What are the best tips for running cold weather races? This is a question I’m seeing a lot because it is Richmond Marathon weekend. With one day to go forecasts are predicting temps in the 20’s at the start and 30’s at the finish! This is FREEZING! However, don’t stay home and pout. Get out there and crush it. We’ve got you covered with some basic tips:
1. Wardrobe Balance
Inadequate clothing leaves you unprepared for the elements and puts you at risk for frostbite, hypothermia or simply poor performance. If you underdress your muscles will warm from activity but perhaps not to potential. Your body’s energy resources are in overdrive trying to keep you warm. Too much clothing leaves you overheated, uncomfortable and too hot to perform to potential as well. Consider the elements and also the heat you will generate from exercise when you select your race kit. You should start off feeling cool, not warm because things will heat up.
Rule of thumb: Dress as if it is 10-20 degrees warmer than actual temps. Note that if it is freezing you should keep your extremities and skin covered by fabric.
For an 8k think 20 degrees warmer. For a full think 10 degrees warmer.
This assumes you are trained for and plan to race with an intensity level in line with potential for the distance. So, if you plan to walk the half or 8K rather than run it at tempo/threshold pace of course your core temp is not going to rise significantly and you will need to bundle up a lot more. Tip: Look at both starting corral and finishing temps particularly if you are going to have a longer day.
2. Use layers! Lots of layers
You will need a layer for base that will wick away sweat and protect your skin. You may want to add something for warmth and maybe something for wind protection.
Bring the oversized zip up hoodie you’ve been meaning to give to Goodwill. Wear it at the start. Toss it at an early aid station. A headband that covers the ears can slip off if overheated. Wear a cheap cap on top that you can discard at an aid station. Cheap throw away gloves are a must. However, I recommend keeping gloves on you in a pocket in case you change your mind and want them back mid-race. No glove options? Just put socks on your hands or stretch out your sleeves!
A thermal top or a short sleeve wicking top & arm warmers work well. A vest or even a light jacket is also a good idea if you think you need the extra warmth. Long socks with the feet cut out work as arm warmers in a pinch. Wear run tights. If it is under 40 degrees…cover your knees! This protects the soft tissue and joints. Wool socks are usually the best choice. The less you will be exerting yourself and the longer you will be out there the more warmth from clothing you will need.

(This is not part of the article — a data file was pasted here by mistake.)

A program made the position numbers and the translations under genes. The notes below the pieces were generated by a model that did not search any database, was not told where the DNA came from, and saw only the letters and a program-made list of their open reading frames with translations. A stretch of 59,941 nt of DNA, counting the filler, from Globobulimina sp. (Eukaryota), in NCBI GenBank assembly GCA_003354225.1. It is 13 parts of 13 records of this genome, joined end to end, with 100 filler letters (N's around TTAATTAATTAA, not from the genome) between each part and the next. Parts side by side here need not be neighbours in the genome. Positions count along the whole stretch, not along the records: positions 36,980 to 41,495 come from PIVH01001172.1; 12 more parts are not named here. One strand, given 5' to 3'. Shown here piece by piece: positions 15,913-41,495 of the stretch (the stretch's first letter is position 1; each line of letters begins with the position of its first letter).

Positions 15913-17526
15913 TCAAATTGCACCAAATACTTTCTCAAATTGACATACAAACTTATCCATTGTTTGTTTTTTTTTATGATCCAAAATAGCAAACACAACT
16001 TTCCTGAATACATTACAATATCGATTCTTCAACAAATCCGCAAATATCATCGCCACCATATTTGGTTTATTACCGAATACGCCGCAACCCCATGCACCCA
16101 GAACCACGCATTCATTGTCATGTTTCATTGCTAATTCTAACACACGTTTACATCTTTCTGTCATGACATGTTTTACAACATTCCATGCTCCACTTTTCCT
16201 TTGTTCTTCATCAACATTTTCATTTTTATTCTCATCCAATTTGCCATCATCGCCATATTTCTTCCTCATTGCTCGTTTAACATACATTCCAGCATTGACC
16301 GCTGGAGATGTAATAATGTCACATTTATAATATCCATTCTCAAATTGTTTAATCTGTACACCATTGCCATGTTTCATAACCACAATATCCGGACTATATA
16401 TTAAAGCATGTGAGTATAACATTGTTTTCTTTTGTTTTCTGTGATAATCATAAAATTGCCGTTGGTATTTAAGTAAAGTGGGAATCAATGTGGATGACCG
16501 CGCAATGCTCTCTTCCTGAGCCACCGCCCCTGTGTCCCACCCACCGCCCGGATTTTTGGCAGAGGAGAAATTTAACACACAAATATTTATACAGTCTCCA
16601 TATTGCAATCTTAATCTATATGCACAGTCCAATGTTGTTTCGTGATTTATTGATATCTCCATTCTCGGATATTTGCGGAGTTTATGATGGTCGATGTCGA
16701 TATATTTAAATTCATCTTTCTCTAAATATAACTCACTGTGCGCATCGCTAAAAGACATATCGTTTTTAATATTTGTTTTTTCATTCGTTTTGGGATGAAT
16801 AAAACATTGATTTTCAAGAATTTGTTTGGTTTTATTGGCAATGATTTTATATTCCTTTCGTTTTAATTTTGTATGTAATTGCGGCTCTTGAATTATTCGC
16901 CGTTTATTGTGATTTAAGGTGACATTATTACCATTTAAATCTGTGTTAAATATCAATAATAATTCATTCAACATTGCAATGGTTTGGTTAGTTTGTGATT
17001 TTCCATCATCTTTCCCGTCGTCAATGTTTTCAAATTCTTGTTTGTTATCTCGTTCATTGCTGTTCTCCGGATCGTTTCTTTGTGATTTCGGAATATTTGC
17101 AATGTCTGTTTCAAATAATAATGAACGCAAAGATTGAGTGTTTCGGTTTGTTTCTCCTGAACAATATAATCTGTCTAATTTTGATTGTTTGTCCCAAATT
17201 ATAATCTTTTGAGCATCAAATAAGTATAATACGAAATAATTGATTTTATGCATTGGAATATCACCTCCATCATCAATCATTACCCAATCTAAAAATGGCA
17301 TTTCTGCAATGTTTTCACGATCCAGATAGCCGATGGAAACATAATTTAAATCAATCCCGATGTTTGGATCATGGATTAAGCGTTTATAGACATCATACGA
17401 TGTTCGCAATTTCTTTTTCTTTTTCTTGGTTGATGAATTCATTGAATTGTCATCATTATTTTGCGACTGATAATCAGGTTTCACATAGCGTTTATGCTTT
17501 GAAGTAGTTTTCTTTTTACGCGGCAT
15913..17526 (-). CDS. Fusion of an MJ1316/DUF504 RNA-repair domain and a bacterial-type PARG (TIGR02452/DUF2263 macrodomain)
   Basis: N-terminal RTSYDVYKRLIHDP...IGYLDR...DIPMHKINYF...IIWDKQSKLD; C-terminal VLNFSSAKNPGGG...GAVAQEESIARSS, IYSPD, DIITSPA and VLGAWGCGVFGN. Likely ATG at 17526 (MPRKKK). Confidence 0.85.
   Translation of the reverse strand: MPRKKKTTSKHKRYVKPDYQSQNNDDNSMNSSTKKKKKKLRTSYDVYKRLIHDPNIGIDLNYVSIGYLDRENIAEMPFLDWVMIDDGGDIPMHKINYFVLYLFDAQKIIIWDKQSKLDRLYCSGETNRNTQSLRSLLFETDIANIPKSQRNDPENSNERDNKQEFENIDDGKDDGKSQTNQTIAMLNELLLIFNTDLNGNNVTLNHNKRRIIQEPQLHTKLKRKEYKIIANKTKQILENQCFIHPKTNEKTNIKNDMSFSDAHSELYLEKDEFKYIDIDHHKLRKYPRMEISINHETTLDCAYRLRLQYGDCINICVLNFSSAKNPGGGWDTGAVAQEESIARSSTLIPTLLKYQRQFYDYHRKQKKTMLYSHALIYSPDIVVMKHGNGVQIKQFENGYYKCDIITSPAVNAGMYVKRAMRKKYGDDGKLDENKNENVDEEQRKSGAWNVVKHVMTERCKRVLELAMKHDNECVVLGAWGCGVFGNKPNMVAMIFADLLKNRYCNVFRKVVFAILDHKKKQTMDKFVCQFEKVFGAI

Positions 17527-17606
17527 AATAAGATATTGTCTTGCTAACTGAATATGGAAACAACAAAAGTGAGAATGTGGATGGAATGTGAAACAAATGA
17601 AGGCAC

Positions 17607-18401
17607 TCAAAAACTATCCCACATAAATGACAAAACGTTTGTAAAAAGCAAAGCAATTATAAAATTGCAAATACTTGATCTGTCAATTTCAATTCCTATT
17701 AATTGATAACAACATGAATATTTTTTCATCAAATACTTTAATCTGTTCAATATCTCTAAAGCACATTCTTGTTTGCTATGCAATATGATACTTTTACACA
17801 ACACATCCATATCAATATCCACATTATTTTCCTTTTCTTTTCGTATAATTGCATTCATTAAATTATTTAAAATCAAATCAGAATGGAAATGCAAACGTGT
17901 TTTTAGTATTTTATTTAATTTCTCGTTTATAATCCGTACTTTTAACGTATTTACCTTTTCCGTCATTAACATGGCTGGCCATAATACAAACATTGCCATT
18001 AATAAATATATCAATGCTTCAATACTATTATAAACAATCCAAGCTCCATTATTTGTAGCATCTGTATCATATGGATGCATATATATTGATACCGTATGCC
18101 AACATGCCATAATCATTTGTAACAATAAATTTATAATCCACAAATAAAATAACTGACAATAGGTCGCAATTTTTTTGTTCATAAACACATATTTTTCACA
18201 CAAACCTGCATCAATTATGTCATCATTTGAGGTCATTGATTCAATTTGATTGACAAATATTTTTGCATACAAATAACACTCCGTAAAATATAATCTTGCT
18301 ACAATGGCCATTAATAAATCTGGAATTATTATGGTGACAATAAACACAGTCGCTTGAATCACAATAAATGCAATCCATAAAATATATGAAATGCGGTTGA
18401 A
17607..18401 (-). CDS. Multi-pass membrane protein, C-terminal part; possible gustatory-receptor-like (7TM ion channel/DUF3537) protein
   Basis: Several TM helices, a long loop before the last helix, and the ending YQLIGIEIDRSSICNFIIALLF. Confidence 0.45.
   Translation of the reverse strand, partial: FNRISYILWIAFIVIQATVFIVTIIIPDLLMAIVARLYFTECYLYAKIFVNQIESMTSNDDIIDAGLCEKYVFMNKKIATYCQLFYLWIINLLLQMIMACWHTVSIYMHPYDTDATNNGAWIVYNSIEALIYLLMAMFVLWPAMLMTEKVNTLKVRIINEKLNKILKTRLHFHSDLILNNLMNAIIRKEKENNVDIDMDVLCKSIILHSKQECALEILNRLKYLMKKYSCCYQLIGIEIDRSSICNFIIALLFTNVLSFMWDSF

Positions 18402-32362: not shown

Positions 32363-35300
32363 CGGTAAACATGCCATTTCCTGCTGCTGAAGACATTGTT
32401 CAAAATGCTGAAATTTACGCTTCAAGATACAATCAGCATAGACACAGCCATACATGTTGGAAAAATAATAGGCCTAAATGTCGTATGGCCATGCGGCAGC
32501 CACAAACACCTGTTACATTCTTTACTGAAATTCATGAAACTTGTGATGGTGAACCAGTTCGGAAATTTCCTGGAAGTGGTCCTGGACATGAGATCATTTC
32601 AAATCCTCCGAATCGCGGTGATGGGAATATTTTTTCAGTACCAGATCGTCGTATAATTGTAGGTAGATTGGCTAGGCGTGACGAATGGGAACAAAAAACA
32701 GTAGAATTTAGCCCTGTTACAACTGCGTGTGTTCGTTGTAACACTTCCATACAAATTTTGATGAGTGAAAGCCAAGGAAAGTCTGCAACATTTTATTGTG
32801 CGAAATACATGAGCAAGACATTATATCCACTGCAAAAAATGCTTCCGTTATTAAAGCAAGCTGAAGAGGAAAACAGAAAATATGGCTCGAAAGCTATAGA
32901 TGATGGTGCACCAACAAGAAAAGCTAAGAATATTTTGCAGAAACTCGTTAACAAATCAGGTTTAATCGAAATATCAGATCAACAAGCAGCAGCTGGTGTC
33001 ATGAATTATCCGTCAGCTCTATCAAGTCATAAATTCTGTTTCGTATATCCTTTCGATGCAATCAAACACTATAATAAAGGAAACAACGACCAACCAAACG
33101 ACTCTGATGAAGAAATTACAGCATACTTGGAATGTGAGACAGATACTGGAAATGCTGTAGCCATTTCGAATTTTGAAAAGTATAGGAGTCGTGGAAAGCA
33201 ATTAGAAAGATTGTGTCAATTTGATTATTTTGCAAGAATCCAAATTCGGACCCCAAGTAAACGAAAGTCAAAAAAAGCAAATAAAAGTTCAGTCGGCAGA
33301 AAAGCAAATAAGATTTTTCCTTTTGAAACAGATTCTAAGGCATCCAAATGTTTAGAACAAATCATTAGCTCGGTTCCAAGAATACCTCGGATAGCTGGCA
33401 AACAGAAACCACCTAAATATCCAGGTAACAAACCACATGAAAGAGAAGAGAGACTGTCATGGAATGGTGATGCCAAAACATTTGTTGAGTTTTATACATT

3. Do a Warm Up Routine
You want your muscles warmed up and ready to race. Time your routine so that you finish it close to the start…with in 10 minutes of starting if possible. Avoid standing around in sweaty clothes before the race starts to avoid the starting coral shivers. If possible warm up in a different top and put on dry layers after if you are sweaty. Be sure to do a dynamic warm up and avoid static stretching on cold muscles before the event. Muscles will warm up once activity is started and continue firing just fine assuming you warmed up well and you keep your body adequately clothed.
4. Prepare for the Air
A scarf or fabric over your mouth may help with the uncomfortable feeling of breathing in dry air. The fabric can help hold moisture and warm/humidify air before you breathe in. Give it a try and if you don’t like it, ditch the tactic. You may get a runny nose as a reaction to dry air. Bring along a handkerchief or practice your snot rocket skills but please beware of race day aim!
5. Fuel and Hydrate
It is easy to let this slide when temperatures drop but you will still need fluid and fuel. In fact you may need more calories than usual as your body when running cold weather races because your body is expending energy to stay cool. You need calories. Your body is going to likely be burning more carbohydrates so top off those stores!
6. Manage Pacing and Effort Level
Expect to race well when running cold weather races but adapt your pacing strategy as needed given the conditions. If you are met with strong headwinds, your pace may slow. Simply adjust rather than panic. Your body is expending significant energy propelling you forward and simultaneously trying to keep you warm so you may struggle to maintain the pace you could hold at an ideal 50 degrees. Many runners are aware of the impact on heat. Most do not realize that cold temperatures can also result in a slight performance drop so remember it is science and if you are one to watch the clock do not let any get in your head. Simply stay in the moment and make appropriate adjustments to strategy on the fly. Every athlete out there is dealing with the same conditions…so rise to the challenge of the day!
7. Get Dry
Have dry clothes in your bag on hand along with your 4:1 carb protein ration recovery drink after the race. Take that space blanket they hand you at the finish! Wrap yourself up and change stat! Hot chocolate made with milk is perfect!